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What is Gebrokts and what's it got to do with not eating Matzah Balls?

by Rabbi Shlomo Chein


Library » Holidays » Passover » Matzah | Subscribe | What is RSS?



Is it true that some people do not eat Matzah Ball Soup on Passover?



While Matzah Ball Soup is a Passover favorite, and permissible according to Jewish law, there are many who have a custom not to eat it on Passover. As a matter of fact, they don’t eat Matzah brye, Matzah Pizza, or Chocolate covered Matzah either. These people simply don’t eat Gebrokts.

Simply put Gebrokts (Yiddish), or Matzah Shruya (Hebrew), means Matzah that comes in contact with water or with food that was prepared with water. There is a pretty substantial market of non-Gebrokts eaters and you may see product labels or hotel ads that state "non-Gebrokts".

The premise of the non-Gebrokts movement is a Jewish custom, not an actual law. Here’s what it’s all about:

The determining factor between leavened bread (Chametz) and unleavened bread (Matzah) is the amount of time the flour and water sit together before being baked. If the flour is in contact with water for too long (more than 18 minutes) it causes the dough to ferment and rise. That results in Chametz.

There is, however, a possibility that the Matzah was not completely baked and an unbaked flake or two of flour that will come in contact with water will ferment.
Once the product is fully baked the flour can no longer ferment; one may therefore mix Matzah, Matzah meal, or any other finished Matzah product with water.

There is, however, a possibility that the Matzah was not completely baked and an unbaked flake or two of flour that will come in contact with water will ferment. The possibility of this is extremely slim, slimmer perhaps than the Matzah itself, but it remains a possibility.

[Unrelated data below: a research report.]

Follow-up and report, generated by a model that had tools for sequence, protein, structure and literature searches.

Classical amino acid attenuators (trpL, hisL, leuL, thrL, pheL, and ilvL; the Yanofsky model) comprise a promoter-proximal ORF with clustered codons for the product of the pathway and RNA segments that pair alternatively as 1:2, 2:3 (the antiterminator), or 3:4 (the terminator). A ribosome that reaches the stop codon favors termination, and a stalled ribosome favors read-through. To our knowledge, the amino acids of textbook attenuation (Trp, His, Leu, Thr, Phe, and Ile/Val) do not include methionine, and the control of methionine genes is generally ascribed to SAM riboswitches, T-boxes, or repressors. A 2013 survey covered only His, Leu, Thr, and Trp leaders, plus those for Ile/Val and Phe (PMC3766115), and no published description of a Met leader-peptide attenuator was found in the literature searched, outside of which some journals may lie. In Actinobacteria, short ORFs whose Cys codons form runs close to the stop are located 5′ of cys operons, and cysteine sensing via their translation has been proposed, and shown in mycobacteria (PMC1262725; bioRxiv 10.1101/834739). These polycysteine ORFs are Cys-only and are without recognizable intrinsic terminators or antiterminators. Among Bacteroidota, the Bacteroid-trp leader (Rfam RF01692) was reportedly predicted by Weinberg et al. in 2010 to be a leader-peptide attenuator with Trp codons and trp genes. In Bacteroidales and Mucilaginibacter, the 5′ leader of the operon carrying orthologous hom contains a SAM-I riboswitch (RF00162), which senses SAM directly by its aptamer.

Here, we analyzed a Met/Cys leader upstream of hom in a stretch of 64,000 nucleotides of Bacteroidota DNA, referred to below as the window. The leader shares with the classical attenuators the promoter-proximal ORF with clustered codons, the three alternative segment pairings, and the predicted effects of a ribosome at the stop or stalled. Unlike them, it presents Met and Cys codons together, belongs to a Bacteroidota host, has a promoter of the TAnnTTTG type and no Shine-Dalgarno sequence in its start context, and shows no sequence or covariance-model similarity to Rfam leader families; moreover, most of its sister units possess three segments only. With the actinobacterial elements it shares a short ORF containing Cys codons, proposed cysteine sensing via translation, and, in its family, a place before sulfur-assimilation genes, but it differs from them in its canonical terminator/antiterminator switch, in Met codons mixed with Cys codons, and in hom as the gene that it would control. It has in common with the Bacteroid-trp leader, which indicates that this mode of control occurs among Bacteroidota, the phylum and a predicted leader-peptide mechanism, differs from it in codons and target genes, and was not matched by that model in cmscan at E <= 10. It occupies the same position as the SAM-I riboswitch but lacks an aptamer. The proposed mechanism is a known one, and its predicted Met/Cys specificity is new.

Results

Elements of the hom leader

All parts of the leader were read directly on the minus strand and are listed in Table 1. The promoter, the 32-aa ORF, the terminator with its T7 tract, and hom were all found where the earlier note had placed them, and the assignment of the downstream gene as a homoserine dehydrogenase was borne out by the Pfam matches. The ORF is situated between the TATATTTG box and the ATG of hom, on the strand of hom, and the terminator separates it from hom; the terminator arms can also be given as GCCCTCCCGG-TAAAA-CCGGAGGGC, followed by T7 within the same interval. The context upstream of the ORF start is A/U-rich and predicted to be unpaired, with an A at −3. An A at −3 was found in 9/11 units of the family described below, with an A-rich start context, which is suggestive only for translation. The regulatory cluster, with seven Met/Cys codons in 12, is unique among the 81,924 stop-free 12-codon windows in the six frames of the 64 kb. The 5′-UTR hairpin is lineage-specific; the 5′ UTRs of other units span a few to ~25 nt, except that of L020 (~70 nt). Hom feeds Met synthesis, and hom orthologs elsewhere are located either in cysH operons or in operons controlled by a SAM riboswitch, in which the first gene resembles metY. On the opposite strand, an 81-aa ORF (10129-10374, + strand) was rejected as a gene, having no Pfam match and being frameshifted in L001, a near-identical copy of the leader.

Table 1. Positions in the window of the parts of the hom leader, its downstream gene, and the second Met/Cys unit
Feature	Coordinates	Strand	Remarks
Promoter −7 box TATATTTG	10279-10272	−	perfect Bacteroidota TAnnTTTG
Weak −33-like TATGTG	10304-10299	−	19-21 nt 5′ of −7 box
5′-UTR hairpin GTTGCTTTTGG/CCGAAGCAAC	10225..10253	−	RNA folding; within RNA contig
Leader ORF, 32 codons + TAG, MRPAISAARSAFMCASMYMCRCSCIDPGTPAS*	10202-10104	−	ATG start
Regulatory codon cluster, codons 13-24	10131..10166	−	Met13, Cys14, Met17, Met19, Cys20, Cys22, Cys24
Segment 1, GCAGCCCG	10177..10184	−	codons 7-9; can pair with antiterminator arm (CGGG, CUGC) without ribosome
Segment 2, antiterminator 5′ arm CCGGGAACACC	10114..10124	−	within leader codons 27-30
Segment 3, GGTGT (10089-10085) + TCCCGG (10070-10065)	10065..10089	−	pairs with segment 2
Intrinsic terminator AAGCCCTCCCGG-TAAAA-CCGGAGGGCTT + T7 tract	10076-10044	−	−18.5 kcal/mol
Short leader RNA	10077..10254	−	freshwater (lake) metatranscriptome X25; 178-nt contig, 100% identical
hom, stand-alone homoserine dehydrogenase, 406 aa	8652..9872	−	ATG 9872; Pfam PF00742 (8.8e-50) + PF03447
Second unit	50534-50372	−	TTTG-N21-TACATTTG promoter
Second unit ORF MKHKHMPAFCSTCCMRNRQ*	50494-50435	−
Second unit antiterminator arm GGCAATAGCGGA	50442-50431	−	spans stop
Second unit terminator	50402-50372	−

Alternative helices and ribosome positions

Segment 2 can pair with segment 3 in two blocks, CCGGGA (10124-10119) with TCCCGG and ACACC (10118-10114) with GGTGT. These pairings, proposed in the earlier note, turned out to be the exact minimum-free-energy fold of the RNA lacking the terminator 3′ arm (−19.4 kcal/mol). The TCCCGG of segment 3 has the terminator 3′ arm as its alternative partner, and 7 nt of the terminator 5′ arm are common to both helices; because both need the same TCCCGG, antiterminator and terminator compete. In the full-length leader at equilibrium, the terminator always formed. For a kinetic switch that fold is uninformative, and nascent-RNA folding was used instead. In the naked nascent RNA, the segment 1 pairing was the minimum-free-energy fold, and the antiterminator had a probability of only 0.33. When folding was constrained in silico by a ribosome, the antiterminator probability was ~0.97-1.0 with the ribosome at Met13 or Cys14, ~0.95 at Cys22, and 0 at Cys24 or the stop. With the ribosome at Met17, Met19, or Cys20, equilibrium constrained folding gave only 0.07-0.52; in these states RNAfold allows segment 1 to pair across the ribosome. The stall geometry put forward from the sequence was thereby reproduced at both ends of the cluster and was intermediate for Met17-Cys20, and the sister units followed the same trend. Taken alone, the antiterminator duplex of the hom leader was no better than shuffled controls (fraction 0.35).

Non-Gebrokts adherers are concerned about that possibility and refrain from some of the famous Passover delicacies in order to preserve the unleavened status of their Matzah at all costs.

The sages say: if one is careful not to eat any Chametz on Passover G-d will make sure he doesn’t (accidentally) sin all year.

This statement underscores the importance of avoiding leavened products on Passover, and explains why many people figure a Gebrokts-free Passover is not a bad insurance price for a sin-free year.

(See "What is the spiritual difference between Chametz and Matzah?" for a deeper mystical reason for perserving the unleavened status of Matzah at all costs).

To illustrate that this is merely a custom and no law is broken if you eat Gebrokts, many non-Gebrokts eaters will eat Gebrokts on the last day of Passover.

(See "Why is Chometz only forbidden on Passover" for a deeper understanding why one may eat Gebrokts after the first seven days of Passover have elapsed).


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Any leavened product which is produced from wheat, barley, rye, spelt or oats. This includes bread, cake, cereals, crackers, biscuits, yeast, pasta and whisky. It is forbidden for a Jew to possess or consume Chametz throughout Passover.
(pl. Matzot). Unleavened bread which is eaten on Passover, especially at the Passover Seder (feast), commemorating the Matzah which the Jews ate upon leaving Egypt. It consists of only flour and water and resembles a wheat cracker.
A Biblically mandated early-spring festival celebrating the Jewish exodus from Egypt in the year 1312 BCE.
Language closely related to German commonly spoken by European Jews.
It is forbidden to erase or deface the name of G-d. It is therefore customary to insert a dash in middle of G-d's name, allowing us to erase or discard the paper it is written on if necessary.